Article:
One of the characteristic behaviors you see in people who’ve caught a case of the fashion thing is indiscriminate acquisition. Empress Eugenie of France had to have her servants maintain an elaborate filing system just to keep track of her wardrobe, and held annual public sales to clear it out so she’d have room for more. This acquisitiveness often takes the form of compulsively buying one of everything. If Jacqueline Kennedy (sometimes Onassis) liked a particular item, she’d buy one of it in every available color. The Duchess of Windsor would buy one of every item offered that season by her favorite designer, even in her bedridden final years.

Every so often, I see newspaper or magazine stories about this-or-that public figure who owns hundreds of bespoke suits kept hanging on a motorized system that parades them past him when he wants to dress. Or there’ll be some woman explaining that it’s simply impossible to dress herself adequately on less than improbably many tens or hundreds of thousands of dollars per year. That’s not sane. It’s just rich. And there’s nothing easier than spending money.

Does this mean I think these people are sad and lonely and looking for whatever happiness they can find? Not particularly. I do think they like the hit, though.

I think maybe the poor and the dowdy would like the hit too, but the things they can afford themselves are far more limited. We all know aging women tend to have pets, but they also buy a lot of greeting cards, and collectible tchotchkes, and other quick hits. It’s consoling clutter. A little old lady with a clean, uncluttered house is a little old lady who has some other absorbing interest to keep her happy.

But for people who stray off the straight and narrow of sane behavior, there are few consolations more potent and more convenient than companion animals. They’re always there. You’ve always got the drop on them. They can’t transfer their attention to some stranger they’ve met at work. And there are always more of them than the market requires. They’re every bit as unwanted as their owners, but they’re even more powerless.

Here goes
Posted by Patrick at 11:09 AM * 26 comments

I’m about to try upgrading nielsenhayden.com to Movable Type 3.121. Don’t be surprised if weird things happen. (—Patrick)

UPDATE, 2:37 PM: So far so good, but not finished. Hold off trying to comment for now, please. (Avram, we’re sending your pants back via FTP.)

UPDATE, 3:20 PM: Commenting seems to work now.

November 05, 2004
Open thread 31
Posted by Teresa at 07:25 PM *

Gunpowder, treason, and plot …

Mathematically impossible
Posted by Teresa at 03:08 PM * 29 comments

Lenny Bailes points out this bit in The Daily Kos:

Franklin County, OH: Gahanna 1-B Precinct
638 TOTAL BALLOTS CAST

US Senator: Fingerhut [D] - 167 votes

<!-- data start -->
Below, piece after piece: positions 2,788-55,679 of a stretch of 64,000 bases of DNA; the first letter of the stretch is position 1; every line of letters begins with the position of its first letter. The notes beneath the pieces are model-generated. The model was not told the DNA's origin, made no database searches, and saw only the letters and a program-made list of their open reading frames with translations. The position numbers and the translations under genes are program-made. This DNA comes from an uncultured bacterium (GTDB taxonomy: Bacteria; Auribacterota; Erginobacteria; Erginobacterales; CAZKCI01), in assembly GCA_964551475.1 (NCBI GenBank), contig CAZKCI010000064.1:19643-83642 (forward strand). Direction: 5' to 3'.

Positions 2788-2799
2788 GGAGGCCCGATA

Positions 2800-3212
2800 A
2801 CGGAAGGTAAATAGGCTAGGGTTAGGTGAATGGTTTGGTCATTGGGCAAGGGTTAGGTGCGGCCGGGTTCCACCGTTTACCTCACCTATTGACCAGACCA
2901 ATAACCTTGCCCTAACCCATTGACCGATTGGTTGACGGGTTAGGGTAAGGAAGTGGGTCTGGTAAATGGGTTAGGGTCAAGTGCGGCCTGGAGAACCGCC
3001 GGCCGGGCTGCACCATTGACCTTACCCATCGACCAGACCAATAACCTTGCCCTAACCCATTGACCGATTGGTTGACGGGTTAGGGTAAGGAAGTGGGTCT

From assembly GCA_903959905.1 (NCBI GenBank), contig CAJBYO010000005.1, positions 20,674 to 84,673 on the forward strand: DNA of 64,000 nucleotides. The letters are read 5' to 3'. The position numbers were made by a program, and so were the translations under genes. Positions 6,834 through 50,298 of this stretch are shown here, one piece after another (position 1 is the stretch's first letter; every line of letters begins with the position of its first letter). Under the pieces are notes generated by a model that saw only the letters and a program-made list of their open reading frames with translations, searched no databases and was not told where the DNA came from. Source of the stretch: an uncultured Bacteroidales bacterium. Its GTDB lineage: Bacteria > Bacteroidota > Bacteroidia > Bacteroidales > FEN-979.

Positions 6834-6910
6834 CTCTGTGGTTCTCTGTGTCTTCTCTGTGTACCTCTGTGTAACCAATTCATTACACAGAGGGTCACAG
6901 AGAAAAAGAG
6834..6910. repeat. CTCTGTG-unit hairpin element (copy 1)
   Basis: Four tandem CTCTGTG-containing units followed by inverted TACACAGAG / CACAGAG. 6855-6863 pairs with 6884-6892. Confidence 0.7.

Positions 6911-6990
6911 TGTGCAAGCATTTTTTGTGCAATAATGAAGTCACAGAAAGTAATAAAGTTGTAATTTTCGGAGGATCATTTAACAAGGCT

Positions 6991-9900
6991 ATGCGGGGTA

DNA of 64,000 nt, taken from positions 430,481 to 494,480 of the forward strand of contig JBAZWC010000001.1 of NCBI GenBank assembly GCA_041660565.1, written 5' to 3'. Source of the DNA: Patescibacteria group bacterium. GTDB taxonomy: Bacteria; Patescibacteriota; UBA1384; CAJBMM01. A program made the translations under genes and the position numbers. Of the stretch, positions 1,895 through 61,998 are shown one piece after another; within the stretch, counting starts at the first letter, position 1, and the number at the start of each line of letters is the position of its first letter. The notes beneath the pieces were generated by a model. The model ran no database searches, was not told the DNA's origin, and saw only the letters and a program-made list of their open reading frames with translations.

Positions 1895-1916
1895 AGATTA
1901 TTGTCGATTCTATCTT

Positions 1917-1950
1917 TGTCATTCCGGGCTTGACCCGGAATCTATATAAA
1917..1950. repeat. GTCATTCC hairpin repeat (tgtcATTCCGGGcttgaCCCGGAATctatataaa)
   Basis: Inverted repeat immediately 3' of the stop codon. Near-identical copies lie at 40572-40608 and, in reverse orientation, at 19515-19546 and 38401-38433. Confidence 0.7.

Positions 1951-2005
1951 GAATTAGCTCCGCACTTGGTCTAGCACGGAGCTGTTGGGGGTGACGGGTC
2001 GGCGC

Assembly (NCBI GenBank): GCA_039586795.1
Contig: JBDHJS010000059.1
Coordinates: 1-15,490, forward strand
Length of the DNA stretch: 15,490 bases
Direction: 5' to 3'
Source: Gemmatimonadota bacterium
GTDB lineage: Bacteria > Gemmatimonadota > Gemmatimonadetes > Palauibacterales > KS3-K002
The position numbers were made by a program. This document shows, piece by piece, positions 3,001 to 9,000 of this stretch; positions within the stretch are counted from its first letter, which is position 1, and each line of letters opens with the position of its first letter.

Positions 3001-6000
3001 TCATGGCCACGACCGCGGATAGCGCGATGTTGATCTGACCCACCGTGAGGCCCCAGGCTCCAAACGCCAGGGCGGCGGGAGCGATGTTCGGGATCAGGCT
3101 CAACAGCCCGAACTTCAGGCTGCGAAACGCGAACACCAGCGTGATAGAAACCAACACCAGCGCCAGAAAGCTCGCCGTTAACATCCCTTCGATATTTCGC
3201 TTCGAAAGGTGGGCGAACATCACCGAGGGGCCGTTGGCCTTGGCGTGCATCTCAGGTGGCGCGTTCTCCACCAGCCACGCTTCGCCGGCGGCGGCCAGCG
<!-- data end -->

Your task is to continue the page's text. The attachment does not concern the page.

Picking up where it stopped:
Voinovich ® - 300 votes US President:
Kerry [D] - 260 votes
Bush ® - 4,258 votes

Why are my civil authorities not looking into this, backed up by my law enforcement officials, and if necessary my military forces? How many of them have taken vows to preserve, protect, and defend the Constitution? They should be doin it.

The futility of grammar checkers
Posted by Teresa at 01:42 PM * 79 comments

I love English, a language in which the following three sentences use three different verbs:

She was going to put Up With People on as the opening act.
The seckel pears were put up with spiced crab apples in a heavy syrup.
She could no longer put up with his nonsense.
I’ve been explaining for years that while I can imagine that there might be languages for which an automatic grammar checker might be useful, English is not one of them.

This morning a further demonstration of the point occurred to me: in English, to have done with—a construction which might have been designed to trip up simple-minded grammar checkers—is a phrasal verb meaning to have no further concern with; while to have to do with means to be concerned with or to deal with. The latter is frequently used in combination with what, as in what has [foo] to do with [bar]; but if what is used immediately before it, the phrasal verb dissolves and to do reverts to being a bog-standard verb, as in he doesn’t know what to do with himself.

The day a computer can sort that out, I’ll ask it to parse the subjunctive.

New times call for new t-shirts
Posted by Teresa at 12:17 PM * 75 comments

Greg Rapawy writes in with a great suggestion (okay, a suggestion I like a lot):

On October 19, 2004, you wrote in a comment to the “Motivation and doubt” post that you’ve “long had ‘Hige sceal e heardra, heorte e cenre, mod sceal e mare e ure maegen lytla’ buried in the template code for [your] weblog.” Any interest in making a CafePress shirt, or maybe a mug, with this phrase? It seems particularly appropriate to the next two to four years, and I suspect people would buy it. I know I want one.